Carex rostrata Stokes and Carex utriculata Boot are morphologically and ecologically similar wetland sedges (Cyperaceae). Both species can be found in suitable habitats throughout the Northern Hemisphere, but the former has an infrequent and localized distribution (Ball & Reznicek 2002). In North America the name C. rostrata has long been erroneously applied to plants that are actually C. utriculata. The true identity and distribution of C. rostrata in North American is still largely unknown. Indeed, only five of the hundreds of specimens labeled as C. rostrata at the UBC herbarium were actually C. rostrata. All remaining specimens were C. utriculata.
Because C. rostrata is rare (blue-listed) in British Columbia it is important to be able to distinguish it from the common C. utriculata. With a few tips this can easily be done in the field and herbarium. The foliage of C. rostrata has a whitish-green to grayish blue-green appearance, and C. utriculata tends to be pale-green to green. These species often co-occur with C. rostrata preferring the wetter parts of a wetland and C. utriculata preferring the drier parts (Fig. 1).
The whitish-green to grayish blue-green colour of C. rostrata seems to be caused by many tiny, tightly packed pimples (papillae) on the top (adaxial) side of the leaves. These papilla can only be seen with the aid of magnification strong enough (about 20-30X) to clearly see the tissue between the veins of the leaves (Fig. 2). The adaxial leaf surface of C. utriculata is usually smooth and green but may have some bumps (scabrous), however they do not affect the leaf morphology enough to alter the colour (Fig. 3).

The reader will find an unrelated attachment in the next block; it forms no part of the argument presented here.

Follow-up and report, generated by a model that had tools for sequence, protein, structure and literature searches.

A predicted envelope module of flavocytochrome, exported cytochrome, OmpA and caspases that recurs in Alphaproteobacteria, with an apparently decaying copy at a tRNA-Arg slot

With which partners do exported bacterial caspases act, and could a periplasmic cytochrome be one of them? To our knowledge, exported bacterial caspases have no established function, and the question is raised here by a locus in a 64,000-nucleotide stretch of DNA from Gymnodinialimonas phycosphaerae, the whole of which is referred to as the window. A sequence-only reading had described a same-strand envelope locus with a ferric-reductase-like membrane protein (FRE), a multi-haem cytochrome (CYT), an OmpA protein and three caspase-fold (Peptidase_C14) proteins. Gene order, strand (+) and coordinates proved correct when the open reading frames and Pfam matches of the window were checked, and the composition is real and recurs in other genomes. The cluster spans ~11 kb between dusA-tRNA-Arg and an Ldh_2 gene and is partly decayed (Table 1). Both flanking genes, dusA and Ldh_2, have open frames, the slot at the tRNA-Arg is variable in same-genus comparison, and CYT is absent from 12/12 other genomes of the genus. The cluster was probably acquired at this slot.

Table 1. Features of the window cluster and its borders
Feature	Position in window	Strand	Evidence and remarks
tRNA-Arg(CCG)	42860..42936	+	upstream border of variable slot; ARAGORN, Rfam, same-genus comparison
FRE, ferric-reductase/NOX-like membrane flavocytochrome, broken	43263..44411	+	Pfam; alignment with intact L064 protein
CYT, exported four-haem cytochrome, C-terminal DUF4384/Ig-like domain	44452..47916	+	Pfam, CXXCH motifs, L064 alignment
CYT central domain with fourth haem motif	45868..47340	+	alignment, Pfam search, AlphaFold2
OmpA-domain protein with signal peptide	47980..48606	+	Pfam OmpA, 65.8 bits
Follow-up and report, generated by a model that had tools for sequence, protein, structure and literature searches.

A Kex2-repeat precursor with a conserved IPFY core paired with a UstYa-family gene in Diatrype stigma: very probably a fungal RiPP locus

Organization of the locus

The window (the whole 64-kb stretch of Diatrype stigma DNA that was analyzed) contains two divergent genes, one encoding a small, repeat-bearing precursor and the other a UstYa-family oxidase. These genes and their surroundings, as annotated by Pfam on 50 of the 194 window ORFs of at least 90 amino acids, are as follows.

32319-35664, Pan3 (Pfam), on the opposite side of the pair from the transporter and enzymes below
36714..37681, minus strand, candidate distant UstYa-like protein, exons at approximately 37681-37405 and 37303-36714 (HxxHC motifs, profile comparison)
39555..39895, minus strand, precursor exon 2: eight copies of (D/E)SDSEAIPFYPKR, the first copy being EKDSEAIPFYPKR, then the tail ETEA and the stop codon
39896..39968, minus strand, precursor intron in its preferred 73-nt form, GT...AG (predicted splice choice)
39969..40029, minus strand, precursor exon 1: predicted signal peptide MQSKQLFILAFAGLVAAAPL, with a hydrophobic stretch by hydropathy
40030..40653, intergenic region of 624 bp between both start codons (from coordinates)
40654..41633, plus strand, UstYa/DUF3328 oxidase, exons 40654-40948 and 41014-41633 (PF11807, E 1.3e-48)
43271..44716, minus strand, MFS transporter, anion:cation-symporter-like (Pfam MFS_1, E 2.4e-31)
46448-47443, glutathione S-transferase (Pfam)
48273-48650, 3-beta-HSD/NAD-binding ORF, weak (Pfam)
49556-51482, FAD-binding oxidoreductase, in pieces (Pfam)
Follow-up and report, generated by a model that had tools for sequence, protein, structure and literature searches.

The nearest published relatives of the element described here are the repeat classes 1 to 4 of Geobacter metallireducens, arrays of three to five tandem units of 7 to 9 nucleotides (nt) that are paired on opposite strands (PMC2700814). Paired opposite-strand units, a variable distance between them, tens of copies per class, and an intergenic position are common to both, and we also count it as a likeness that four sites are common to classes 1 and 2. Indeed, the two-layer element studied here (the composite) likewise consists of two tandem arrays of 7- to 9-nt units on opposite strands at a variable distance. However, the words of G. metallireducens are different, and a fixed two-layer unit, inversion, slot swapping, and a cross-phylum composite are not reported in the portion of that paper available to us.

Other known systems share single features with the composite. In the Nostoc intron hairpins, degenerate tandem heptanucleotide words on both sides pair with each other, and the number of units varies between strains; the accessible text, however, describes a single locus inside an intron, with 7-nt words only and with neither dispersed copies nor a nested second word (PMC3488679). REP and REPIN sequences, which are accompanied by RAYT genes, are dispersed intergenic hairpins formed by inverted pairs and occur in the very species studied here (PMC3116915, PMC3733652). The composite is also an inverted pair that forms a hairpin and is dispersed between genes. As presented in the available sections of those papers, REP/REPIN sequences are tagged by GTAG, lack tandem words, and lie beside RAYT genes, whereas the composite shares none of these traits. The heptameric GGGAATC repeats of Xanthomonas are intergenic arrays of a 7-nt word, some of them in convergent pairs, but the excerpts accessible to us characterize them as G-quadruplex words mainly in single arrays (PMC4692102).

In the absence of magnification these two species can still be discerned based on macro-morphological leaf characters. The leaves of C. rostrata are narrow (rarely up to 4.5 mm wide), broadly U-shaped in cross section; the margins are rolled up back toward the centre of the adaxial surface (involute); and the bottom (abaxial) side lacks a thin, short ridge running down its centre (Fig. 4). The leaves of C. utriculata are broad (>4.5 mm wise), broadly gull-winged to flat in cross section, do not have involute margins, and the abaxial surface has a thin short ridge running down its centre (Fig. 5). The Flora of North America has a very nice plate (Ball & Reznicek 2002, p. 505) that illustrates the leaf cross-section profile of C. utriculata and the papilla of C. rostrata very well. However, this plate does not show the involute margins of C. rostrata (Ball & Reznicek 2002, p. 505).
Table 1. Summary of key traits distinguishing Carex rostrata and C. utriculata
Ball, P., and A. Reznicek. 2002. Carex. In: Flora of North America North Editorial Committee, eds. 1993+.Flora of North America North of Mexico.12+ vols. Oxford Univ. Press, New York, USA. Vol. 23, pp. 255-572.
CANADA. British Columbia: A. Kruckeberg 364, July-16-1982, 1 km W of north tip, Texxeron L, and 5 km S of Kuzkwa R., on Leo Cr. Rd., UBC (54.79418 -124.739645, 2538 ft.); R. Annas s.n., August-5-1972, Ecological Reserve south of Parker Lake near Mile 308 of the Alaska Highway, UBC (58.812211 -122.898385, 1255 ft.); Beamish, Vrugtman, & Sperrings 8815, August-2-1961, Sphagnum bog, Selina Lake, Bowron. Rd., Wells area, UBC (53.2100 -121.4446, 3600f t.); Krajina & Pojar s.n., July-20-1974, Shores of Taltzen Lake, ca. 6 mi. WSW of Hwy. 16 along Kitsequecla road. Marshy shores of Taltzen Lake, UBC (54.931 -127.513, 2200 ft.).